Article published in:Gender, Language and the Periphery: Grammatical and social gender from the margins
Edited by Julie Abbou and Fabienne H. Baider
[Pragmatics & Beyond New Series 264] 2016
► pp. 353–380
Harlots and whores but not lovers
Dressing down the pronoun for a female addressee in a Basque Old Testament
Using a historical sociolinguistic theoretical approach (Conde-Silvestre and Hernandez-Campoy 2012, 1), this paper shows that a mid-19th century Catholic Old Testament utilizes the second-person singular pronoun for a female addressee (noka) to construct sexual and/or violent imagery, which contributed to noka’s loss and “semantic derogation” (Schulz 1975) over time. Focus is placed on noka for several reasons: (1) it is the only place in the Basque language (Euskera) where female gender is marked, as Euskera has no natural or grammatical gender; (2) my previous ethnographic and archival research suggests that the use of noka is considered disrespectful, “looked badly upon” and associated with “dangerous” women like witches; (3) my previous research on Catholic texts in particular shows that familiar pronouns are used sparingly, and almost always to condemn, castigate or cast out demons; (4) noka has historically been a key marker of solidarity, konfiantza (‘trust’) and ‘authentic’ Basque identity; but the negative cast upon noka, I suggest, discourages its use for such solidarity-building purposes.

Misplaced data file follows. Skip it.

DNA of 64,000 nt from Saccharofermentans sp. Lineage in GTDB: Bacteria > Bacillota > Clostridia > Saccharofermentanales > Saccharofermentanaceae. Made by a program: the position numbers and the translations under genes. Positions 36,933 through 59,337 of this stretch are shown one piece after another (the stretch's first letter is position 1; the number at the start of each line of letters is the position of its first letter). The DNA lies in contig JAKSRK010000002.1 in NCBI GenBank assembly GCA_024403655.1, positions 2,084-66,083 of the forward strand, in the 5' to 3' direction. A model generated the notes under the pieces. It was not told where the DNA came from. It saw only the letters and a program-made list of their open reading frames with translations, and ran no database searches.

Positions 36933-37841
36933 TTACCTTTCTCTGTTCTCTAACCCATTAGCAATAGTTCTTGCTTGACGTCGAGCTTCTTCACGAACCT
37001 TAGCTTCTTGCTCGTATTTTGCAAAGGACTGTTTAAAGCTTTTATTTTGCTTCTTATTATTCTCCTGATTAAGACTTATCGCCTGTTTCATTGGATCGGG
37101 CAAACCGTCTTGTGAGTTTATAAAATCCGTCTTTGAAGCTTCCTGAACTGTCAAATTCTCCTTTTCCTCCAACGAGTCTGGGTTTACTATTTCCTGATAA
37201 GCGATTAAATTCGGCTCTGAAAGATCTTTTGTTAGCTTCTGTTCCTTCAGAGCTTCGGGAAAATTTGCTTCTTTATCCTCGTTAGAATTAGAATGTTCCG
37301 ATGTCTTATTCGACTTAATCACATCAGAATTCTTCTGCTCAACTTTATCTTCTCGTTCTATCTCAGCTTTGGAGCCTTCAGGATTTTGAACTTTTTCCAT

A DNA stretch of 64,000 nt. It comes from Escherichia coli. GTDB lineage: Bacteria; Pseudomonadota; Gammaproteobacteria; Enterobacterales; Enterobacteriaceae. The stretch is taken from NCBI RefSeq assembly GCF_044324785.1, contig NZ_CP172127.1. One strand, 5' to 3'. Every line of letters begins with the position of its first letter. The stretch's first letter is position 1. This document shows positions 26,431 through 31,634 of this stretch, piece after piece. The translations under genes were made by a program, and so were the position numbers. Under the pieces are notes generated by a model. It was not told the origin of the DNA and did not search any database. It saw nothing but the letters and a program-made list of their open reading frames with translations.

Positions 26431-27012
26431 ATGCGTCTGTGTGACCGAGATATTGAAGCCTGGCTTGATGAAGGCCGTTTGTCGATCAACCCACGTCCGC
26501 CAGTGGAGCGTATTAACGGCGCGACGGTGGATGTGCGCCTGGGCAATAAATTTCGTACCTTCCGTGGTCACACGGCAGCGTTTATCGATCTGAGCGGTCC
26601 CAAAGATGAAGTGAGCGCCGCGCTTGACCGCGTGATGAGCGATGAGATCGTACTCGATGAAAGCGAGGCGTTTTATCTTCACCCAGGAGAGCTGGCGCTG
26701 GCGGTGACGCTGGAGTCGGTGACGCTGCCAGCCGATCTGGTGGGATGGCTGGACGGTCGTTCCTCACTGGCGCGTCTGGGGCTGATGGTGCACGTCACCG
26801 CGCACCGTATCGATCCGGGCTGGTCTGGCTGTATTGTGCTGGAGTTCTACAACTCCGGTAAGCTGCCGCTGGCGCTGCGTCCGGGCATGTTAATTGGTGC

Keywords: Basque, gender, historical sociolinguistics, pronouns, religion
Published online: 16 December 2016
Auer, Anita, and Anja Voeste
Conde-Silvestre, J. Camilo, and Juan M. Hernandez-Campoy
Duvoisin, Jean Baptiste
2006 “Indexing Religious Identity in the French Basque Country: Toward a Theory of Pronominal Shift.” In Studies in Basque and Historical Linguistics in Memory of R.L. Trask, ed. by Joseba Lakarra, and Jose Ignacio Hualde, 273–291. Donostia; Bilbo: Gipuzkoako Foru Aldundia and Euskal Herriko Unibertsitatea.
Esteban, Mari Luz, and Mila Amurrio
Fox, Michael V.
March, W. Eugene
Overholt, Thomas W.
Satrustegui, Jose Mari
Sheppard, Gerald T.
Uriarte, Jose Antonio